Developer productivity is the answer that makes everyone happy. A Forrester report shows that developers, on average, are only spending 40% of their time coding while high performing teams can reach 80% productivity.
When developers no longer have to fiddle with infrastructure or build tools that have already been built by the open source community, there will be a drastic increase in productivity and more time can be spent on business logic.
The beauty of cloud computing is that it allows you to spin up a variety of secondary environments. The beauty of Kubernetes is that it expects that all environments are ephemeral. The reality of the new cloud native model of operating is that environments will quickly be spun up and environments will be quickly torn down. The downside is that there will be more things to install, patch & maintain.
Assuming that your organization is cautious about vendor lock-in as it relates to the cloud, there is possibly an architectural mandate to consider multi-cloud in the design of all environments.
Durability is necessary because you should not only consider moving applications to the cloud, but rather design an environment that can easily move applications across all cloud environments.
The key to durability is decreasing downtime. Zero-downtime deployments should be the goal that you are working toward achieving. Nevertheless, failure is inevitable and failure should actually be expected. Leaders should focus their energy on measuring and reducing their Mean Time to Recovery.
As a former athlete, I think that a strong defense is your best offense. When I think about security and auditability, “The Process” comes to mind. If you examine any audit or compliance check, it is less about you following a list of requirements that is set for you, but rather, more of a check to see that you followed your own internal process and that you can document and validate every step of the process.
If the process of patching and securing clusters can be completed in a reliable secure manner, your security posture will be strengthened. If this process is also automated, it makes all parties more comfortable delivering features to the business quickly.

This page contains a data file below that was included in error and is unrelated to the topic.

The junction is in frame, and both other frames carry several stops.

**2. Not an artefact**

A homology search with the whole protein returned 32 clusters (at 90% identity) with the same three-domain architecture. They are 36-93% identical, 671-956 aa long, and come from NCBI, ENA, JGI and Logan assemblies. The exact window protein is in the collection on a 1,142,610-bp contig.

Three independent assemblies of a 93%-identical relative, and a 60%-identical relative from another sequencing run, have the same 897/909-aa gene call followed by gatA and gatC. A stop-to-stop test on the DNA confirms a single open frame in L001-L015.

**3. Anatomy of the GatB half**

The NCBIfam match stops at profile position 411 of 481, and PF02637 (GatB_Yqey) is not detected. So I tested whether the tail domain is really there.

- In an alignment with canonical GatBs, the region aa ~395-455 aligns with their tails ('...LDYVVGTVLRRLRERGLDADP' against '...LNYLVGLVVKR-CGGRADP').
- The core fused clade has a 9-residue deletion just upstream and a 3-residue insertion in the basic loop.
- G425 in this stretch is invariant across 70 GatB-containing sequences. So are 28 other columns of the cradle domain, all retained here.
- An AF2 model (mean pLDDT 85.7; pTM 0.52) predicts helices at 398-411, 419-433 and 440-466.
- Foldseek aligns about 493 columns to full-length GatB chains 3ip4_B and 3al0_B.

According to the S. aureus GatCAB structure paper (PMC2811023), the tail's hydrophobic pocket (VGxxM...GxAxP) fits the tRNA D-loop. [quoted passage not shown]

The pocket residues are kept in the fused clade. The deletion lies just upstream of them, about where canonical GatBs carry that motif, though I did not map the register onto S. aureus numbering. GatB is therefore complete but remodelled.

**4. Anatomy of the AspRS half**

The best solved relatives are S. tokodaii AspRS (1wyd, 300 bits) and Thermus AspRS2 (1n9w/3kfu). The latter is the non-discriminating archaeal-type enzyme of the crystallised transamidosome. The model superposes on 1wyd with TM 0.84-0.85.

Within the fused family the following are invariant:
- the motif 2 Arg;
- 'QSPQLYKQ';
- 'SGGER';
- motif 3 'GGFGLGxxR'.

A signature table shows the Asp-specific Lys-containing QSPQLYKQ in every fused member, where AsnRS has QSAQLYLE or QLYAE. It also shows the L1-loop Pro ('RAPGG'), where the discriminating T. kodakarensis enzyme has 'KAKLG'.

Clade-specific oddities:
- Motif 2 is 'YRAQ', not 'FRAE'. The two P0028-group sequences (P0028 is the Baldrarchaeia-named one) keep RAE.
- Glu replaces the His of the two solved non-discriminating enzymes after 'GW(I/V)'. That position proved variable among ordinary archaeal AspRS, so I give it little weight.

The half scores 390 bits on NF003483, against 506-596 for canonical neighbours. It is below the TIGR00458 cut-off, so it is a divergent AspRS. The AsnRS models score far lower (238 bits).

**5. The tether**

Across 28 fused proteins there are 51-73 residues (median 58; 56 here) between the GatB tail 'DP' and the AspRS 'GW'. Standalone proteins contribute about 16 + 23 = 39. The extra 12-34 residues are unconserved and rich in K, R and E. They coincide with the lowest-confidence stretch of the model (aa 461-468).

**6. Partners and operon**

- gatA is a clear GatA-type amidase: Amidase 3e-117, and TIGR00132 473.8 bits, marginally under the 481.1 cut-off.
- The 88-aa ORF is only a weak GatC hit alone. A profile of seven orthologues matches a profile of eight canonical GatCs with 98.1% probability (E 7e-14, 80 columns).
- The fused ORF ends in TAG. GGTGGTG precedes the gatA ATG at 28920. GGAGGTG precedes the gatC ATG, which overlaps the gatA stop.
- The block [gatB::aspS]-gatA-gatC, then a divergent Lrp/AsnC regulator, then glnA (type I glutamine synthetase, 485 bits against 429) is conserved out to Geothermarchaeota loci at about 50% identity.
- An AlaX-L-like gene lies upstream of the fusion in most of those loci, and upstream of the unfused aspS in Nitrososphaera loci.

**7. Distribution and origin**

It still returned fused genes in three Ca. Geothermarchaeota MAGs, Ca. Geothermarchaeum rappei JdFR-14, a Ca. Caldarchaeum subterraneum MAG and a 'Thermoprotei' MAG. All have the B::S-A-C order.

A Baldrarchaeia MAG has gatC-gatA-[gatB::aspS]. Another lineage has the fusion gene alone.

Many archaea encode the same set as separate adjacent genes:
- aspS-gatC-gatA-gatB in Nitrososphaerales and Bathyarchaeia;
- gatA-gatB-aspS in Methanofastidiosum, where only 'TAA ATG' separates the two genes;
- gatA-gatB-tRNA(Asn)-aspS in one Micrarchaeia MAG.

Every organization should be cautious about their spending, however turning a blind eye on areas for savings is detrimental. One question that leadership usually asks is if all of their applications are running through deployment pipelines? My answer is you should have a strategy for every application in your portfolio. Although an application may not change often or may not be deployed multiple times a day, there should still be a plan in place. However as you are building and running more software than you have ever run before, it’s a good idea to evaluate the need of those older applications and the costly enterprise licenses associated with them.
In closing, this is an exciting time to be in technology and to witness the evolution that is happening in such a short period of time. As you evaluate Kubernetes and consider shifting more and more of your workloads onto the platform, I recommend that you check out Weave Kubernetes Platform which assists with all of the areas mentioned above.
Weave Kubernetes Platform
Automate and secure Kubernetes the GitOps way:
- Define and easily reproduce clusters with your choice of add-ons all configured in Git.
- Add, patch and upgrade clusters securely and reliably with GitOps configuration management
- Install production ready clusters on-premise or any public cloud
Please reach out to me if you are interested in learning more about utilizing WKP for your teams